I was pleased to see the article on leasehold reform by Monidipa Fouzder. This area needs urgent attention, especially at a time when first-time buyers need to buy flats in a country with housing shortages.

Overcharging, ridiculous amounts of paperwork and enquiries are rife. The first-time buyers who need the most help have the roughest deal in having to deal with leasehold, getting charged higher rates of interest, and in turn higher solicitors’ fees.

Of particular concern, I have noticed recently, are freeholds being retained by developers for their future pension schemes and short leases that will need extending at 85 years.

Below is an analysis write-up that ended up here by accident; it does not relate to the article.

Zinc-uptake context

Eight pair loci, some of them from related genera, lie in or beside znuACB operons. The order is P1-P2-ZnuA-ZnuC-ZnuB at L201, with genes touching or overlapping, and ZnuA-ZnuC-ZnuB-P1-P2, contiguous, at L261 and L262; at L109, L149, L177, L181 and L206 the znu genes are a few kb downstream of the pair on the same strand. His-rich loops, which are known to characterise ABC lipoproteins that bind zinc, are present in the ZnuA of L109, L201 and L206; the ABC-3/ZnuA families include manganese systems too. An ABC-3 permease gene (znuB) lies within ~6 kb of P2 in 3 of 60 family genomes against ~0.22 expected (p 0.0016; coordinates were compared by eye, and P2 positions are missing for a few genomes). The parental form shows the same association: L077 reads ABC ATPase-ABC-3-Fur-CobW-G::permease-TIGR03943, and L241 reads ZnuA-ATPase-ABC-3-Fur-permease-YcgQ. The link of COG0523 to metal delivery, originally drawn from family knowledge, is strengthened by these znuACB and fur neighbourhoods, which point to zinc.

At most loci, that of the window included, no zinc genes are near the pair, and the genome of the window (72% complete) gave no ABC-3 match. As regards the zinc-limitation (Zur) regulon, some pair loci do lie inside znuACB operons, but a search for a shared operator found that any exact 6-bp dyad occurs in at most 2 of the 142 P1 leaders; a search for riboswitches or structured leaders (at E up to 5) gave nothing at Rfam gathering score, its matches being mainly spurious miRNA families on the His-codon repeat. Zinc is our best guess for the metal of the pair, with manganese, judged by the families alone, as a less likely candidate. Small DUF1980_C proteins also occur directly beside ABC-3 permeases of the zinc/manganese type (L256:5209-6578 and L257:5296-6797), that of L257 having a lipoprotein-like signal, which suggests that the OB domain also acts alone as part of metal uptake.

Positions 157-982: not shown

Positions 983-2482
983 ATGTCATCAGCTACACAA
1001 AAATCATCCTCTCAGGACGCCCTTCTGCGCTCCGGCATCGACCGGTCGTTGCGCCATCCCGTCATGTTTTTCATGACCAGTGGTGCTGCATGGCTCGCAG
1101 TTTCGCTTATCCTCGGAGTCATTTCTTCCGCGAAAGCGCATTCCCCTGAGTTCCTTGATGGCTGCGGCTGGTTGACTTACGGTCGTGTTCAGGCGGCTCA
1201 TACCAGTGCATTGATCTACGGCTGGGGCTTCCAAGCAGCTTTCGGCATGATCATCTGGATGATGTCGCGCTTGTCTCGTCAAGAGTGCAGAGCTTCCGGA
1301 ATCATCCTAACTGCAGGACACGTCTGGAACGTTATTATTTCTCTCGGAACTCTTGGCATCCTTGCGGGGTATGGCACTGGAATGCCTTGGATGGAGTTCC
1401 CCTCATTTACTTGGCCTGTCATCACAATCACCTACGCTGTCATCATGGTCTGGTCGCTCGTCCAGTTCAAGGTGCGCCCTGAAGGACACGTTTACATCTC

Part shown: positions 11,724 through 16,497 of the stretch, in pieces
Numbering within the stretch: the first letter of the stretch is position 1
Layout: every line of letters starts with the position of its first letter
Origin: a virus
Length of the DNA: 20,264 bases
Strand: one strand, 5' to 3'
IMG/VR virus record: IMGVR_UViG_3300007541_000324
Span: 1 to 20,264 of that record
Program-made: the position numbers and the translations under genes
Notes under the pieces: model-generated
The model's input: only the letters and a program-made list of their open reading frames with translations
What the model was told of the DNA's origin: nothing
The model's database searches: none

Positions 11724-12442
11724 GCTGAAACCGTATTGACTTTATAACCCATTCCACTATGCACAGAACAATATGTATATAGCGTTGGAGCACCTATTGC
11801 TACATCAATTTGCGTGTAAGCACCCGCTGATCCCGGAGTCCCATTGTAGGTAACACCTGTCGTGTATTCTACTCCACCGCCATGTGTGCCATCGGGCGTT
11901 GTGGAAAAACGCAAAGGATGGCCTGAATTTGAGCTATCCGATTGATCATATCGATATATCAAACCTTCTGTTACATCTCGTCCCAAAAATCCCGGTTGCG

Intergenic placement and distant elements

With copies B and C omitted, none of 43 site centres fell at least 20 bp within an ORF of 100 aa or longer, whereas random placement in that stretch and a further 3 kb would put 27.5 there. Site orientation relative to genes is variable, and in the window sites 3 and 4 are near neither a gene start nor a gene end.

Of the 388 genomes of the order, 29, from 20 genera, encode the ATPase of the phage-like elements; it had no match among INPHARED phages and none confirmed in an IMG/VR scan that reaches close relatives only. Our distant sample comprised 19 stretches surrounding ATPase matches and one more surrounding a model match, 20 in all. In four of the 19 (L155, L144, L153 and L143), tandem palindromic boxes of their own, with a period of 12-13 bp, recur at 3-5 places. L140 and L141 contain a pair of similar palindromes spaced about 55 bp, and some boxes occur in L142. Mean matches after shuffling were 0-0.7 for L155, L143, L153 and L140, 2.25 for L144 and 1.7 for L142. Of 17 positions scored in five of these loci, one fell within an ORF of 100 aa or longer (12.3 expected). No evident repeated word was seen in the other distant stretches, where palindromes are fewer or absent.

These practices seem to specialise purely in frightening money out of clueless leaseholders – spurious summons; a landlord asking £1,000 for consent to allow a dog and £3,500 on his account for future painting he didn’t know when was going to happen and from which my selling client would not benefit; and £1,200 for a lease extension which took the solicitor about one hour to conclude.

We all have a duty to bring things back in line but we need an enforcer; the lack of one is allowing these people to get away with practices which do nothing for our image.

Some of us are guilty of dreaming these ideas up in the first place, and advising landlords and developers of how they can get away with these schemes.

Sean Crean, Creans Solicitors, Felixstowe